Friday, February 27, 2015

Partners In Crime(fighting)


From the double-sized Captain America #350, where Steve Rogers put aside his identity as "The Captain" and reclaimed his Captain America uniform and title from John Walker, here's an interesting look at a few bonus pin-ups that bring us up to speed on the characters we've seen in play up to that point.

First, a collection of men who, like Walker, stood in for the good Captain:



It seems clear that artist Tom Morgan wants to avoid a lineup of six men all dressed as Captain America--but depicting the 1950s Cap in his brainwashed Nazi zealot guise as the Grand Director perhaps kept this pin-up from a few walls.

Next, we learn that Steve really needs to get out more, if we're going by this pin-up that scrapes together the women he's been involved with--a collection which includes a woman who simply had Cap over as a dinner guest, as well as, of all people, the Viper:


(Jeez, Cap, talk about sleeping with the enemy!)


Finally, artist John Buscema brings together all of Cap's former partners:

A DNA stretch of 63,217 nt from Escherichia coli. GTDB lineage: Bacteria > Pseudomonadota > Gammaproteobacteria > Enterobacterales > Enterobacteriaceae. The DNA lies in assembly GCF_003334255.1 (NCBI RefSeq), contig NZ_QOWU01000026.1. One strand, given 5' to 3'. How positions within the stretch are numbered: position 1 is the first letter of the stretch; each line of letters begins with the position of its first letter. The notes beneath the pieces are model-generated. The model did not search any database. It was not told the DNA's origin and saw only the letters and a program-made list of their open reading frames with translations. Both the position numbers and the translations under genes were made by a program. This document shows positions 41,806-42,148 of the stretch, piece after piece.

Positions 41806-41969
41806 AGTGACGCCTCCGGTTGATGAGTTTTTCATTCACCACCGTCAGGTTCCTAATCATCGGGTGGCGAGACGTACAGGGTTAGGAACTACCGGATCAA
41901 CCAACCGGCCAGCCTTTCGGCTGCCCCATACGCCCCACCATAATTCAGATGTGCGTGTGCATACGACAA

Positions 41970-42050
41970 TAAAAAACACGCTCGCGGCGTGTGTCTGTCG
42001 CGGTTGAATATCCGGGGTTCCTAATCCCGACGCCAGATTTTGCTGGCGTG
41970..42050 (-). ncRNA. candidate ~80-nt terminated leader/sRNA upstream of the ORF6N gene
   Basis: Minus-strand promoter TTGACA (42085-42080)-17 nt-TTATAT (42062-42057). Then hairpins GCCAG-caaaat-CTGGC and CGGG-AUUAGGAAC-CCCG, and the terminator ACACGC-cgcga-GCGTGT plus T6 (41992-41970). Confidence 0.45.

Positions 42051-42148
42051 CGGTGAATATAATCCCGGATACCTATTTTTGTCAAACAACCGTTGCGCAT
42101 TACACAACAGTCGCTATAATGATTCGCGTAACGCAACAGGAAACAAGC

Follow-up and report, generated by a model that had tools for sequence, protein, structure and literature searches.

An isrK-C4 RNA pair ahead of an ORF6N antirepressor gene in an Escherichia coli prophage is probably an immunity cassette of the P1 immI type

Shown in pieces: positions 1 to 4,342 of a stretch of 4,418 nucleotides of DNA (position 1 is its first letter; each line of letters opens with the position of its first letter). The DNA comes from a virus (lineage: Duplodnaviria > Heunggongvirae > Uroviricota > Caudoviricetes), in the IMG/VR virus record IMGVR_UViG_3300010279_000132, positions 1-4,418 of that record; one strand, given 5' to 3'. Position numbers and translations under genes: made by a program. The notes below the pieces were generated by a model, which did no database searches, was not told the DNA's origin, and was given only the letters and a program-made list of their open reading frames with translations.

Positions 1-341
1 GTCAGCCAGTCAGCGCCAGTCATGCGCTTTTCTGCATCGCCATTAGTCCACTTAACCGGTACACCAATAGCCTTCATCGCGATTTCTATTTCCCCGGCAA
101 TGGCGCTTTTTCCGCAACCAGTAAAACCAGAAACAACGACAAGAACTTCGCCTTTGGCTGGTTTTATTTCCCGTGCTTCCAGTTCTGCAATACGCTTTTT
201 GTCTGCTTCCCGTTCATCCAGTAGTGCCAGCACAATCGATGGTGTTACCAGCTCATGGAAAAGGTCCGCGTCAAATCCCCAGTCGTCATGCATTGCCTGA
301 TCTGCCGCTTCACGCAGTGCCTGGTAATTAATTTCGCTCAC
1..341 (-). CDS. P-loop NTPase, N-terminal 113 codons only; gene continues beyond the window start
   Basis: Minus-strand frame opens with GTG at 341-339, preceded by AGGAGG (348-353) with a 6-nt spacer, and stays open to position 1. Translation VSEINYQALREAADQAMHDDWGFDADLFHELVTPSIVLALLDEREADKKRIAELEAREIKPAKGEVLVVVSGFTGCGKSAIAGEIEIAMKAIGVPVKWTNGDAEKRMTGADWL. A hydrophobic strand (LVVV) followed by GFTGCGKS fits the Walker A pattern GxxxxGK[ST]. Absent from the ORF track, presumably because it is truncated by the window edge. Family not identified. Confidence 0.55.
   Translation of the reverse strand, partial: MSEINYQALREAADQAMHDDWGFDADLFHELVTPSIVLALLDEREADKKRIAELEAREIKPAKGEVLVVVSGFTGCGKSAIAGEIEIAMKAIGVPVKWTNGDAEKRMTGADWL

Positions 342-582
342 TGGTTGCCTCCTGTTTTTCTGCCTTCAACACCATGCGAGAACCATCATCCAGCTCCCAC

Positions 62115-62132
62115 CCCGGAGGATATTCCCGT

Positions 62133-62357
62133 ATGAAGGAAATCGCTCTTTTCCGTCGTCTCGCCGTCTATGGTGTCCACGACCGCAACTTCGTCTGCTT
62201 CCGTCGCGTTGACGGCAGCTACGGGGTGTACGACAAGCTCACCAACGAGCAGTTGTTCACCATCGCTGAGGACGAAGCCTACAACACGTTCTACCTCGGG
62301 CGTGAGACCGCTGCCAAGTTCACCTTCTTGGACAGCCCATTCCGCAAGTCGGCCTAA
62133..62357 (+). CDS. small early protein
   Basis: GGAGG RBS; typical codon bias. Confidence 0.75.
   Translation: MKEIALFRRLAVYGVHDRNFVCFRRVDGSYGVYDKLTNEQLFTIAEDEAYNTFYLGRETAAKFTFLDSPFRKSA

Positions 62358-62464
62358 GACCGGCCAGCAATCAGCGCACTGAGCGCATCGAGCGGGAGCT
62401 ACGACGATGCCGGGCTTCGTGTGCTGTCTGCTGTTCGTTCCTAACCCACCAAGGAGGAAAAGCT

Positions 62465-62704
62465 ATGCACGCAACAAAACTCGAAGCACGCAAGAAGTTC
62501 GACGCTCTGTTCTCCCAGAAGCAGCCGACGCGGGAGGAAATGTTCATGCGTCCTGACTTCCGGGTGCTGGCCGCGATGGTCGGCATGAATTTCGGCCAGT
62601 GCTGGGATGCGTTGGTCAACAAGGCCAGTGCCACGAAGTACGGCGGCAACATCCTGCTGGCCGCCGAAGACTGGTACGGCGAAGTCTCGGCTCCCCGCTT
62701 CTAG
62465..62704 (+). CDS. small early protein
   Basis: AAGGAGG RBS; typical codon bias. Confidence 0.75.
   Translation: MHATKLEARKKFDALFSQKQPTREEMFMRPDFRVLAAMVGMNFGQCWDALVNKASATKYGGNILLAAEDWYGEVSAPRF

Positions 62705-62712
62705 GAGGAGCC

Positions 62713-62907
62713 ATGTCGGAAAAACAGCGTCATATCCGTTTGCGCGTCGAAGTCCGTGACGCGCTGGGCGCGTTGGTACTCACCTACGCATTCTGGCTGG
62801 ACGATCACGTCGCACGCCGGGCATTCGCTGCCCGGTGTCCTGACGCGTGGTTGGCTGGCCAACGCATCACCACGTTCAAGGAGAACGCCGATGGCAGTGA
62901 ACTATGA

Despite the implication of the word "partner" as someone who comes aboard long-term and battles with you regularly, it's funny how Cap has gone through a number of partners and nevertheless spent the bulk of his appearances in comics flying solo. Perhaps only the Avengers can be considered Cap's partners, at least in a semi-regular sense, with the special ops assignments of WWII that had Bucky attached to him no longer a factor in Steve Rogers' life. (Though perhaps S.H.I.E.L.D. would beg to differ!)

6 comments:

Colin Jones said...

I don't think much of Captain America V's uniform.

dbutler16 said...

Those are some great pinups! Who is the clown not wearing spandex in the first picture, though?

david_b said...

Wow.., I don't ever recall seeing Sam Wilson drawn by Big John.. Probably the best rendition I've ever seen of him (Sorry Sal..).

GREAT post, thank you sir.

George Chambers said...

dbutler16, Roscoe was a regular guy who briefly wore a Cap suit during the period Steve Rogers was Nomad. The Red Skull murdered the bogus Cap, if I remember correctly, which was the impetus behind Rogers becoming Cap again.

Comicsfan said...

david_b, you might check out Captain America and the Falcon #217 for John Buscema's blink-and-you-missed-it brief stop on Cap's title, which also features the Falcon in action.

dbutler16 said...

Thanks, Roscoe. A regular guy suiting up as Cap for any more than one issue doesn't sound like my cup up tea, but at least it got Steve back in the red, white, and blue.

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